A Twitter thread about two children at a swimming pool has gone viral for showing how media representation is so important, particularly for children.
Twitter user @shiphitsthefan shared a story of a little girl who wanted to play with their son because he reminded her of a character on Sesame Street - a non-verbal muppet with autism named Julia.
Ship posted the story saying "Don't tell me representation doesn't matter."
“I figured it might get a few retweets and help other parents know how to, I guess approach their own preschoolers, and where to look for guidance. I wanted there to be something happy on the timeline.”
“I shared that little moment because it’s the opposite of discrimination,” Ship continued. “It’s an abled child not seeing a person to help, but someone to coexist with. The reason the story ‘feels good’ is because it’s active participation. Neither party is passive. It’s unqualified acceptance, because the playing field has been leveled through education and understanding.”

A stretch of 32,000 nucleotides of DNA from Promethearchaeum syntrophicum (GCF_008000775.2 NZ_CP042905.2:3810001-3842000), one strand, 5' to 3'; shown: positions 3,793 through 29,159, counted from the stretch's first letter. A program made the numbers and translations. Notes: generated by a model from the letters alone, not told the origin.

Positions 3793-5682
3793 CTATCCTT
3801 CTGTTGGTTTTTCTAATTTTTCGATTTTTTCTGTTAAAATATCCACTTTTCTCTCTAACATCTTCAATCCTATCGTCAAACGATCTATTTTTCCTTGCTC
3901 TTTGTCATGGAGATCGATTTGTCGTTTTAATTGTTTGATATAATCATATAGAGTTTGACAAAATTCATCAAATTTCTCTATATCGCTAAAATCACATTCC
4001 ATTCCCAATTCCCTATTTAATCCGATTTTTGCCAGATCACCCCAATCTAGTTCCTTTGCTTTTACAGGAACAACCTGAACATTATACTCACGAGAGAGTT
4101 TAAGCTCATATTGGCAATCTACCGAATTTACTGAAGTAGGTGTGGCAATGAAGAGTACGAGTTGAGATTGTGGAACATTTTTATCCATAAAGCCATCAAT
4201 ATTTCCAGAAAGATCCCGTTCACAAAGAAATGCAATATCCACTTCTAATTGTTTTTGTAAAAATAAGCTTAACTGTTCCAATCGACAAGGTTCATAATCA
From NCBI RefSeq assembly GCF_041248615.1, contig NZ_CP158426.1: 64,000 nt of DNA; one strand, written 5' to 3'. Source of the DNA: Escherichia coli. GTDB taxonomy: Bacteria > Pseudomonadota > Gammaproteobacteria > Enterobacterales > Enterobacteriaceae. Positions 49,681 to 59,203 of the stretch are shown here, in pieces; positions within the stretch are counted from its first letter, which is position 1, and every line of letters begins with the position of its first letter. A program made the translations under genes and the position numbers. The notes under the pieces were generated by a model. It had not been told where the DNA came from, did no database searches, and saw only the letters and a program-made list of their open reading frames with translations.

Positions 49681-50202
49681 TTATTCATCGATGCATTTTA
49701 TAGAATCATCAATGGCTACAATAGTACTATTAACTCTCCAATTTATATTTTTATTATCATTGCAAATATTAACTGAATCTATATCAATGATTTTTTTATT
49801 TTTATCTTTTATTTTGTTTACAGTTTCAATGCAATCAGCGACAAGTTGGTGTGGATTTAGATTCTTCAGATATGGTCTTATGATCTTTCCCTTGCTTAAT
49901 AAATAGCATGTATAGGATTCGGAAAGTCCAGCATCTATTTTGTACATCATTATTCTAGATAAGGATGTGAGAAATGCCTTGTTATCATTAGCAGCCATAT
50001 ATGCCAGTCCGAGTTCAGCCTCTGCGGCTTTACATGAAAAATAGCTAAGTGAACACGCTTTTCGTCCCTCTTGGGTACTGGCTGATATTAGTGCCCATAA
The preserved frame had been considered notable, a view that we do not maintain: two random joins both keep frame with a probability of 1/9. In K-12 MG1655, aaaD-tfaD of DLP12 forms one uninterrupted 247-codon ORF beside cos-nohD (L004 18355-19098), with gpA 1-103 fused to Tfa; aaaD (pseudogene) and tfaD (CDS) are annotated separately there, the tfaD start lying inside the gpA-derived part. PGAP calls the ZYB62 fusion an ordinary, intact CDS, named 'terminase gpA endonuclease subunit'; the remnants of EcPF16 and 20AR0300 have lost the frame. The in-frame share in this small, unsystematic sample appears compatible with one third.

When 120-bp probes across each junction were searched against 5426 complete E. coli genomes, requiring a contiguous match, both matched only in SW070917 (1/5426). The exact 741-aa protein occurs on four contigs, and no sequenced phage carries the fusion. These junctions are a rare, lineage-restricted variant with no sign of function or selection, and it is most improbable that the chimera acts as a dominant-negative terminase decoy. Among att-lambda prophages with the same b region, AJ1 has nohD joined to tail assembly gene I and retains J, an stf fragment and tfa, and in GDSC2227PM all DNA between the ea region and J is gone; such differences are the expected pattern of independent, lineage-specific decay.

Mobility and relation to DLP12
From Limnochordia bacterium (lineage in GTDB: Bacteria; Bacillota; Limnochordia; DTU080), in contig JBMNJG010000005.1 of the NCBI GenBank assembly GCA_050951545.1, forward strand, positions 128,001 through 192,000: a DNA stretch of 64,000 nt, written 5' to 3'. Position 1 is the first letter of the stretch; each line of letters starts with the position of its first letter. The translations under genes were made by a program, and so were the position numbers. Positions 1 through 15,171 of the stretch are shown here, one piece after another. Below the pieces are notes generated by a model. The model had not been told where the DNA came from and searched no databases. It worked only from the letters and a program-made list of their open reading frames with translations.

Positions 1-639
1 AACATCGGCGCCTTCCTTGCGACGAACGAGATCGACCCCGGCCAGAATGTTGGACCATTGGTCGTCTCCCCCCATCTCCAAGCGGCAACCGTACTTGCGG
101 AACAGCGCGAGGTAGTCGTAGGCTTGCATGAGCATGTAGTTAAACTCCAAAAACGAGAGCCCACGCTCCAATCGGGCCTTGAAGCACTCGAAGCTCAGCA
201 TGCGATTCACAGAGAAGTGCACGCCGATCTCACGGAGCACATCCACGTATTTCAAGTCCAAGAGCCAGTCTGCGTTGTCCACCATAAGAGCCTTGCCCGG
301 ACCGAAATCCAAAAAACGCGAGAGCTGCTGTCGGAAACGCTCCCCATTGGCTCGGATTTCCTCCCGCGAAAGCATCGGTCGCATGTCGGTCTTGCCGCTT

Ship said in a follow-up to the initial tweet that they were initially “pissed at Sesame Street’s portrayal of an autistic child, because it hit so many tropes, and every autistic kid is different (It’s not a spectrum; it’s a sundae bar.)” But that was “looking at it like an adult,” Ship tweeted.
The viral thread was praised by many for it's importance:
Jeanette Betancourt, the senior vice president of US social impact at Seasame Workshop commented on Julia's Seasme Street character, saying: “Children with autism are five times more likely to get bullied, and with one in 68 children having autism, that’s a lot of bullying. Our goal is to bring forth what all children share in common, not their differences. Children with autism share in the joy of playing and loving and being friends and being part of a group.”
What an amazing and powerful story!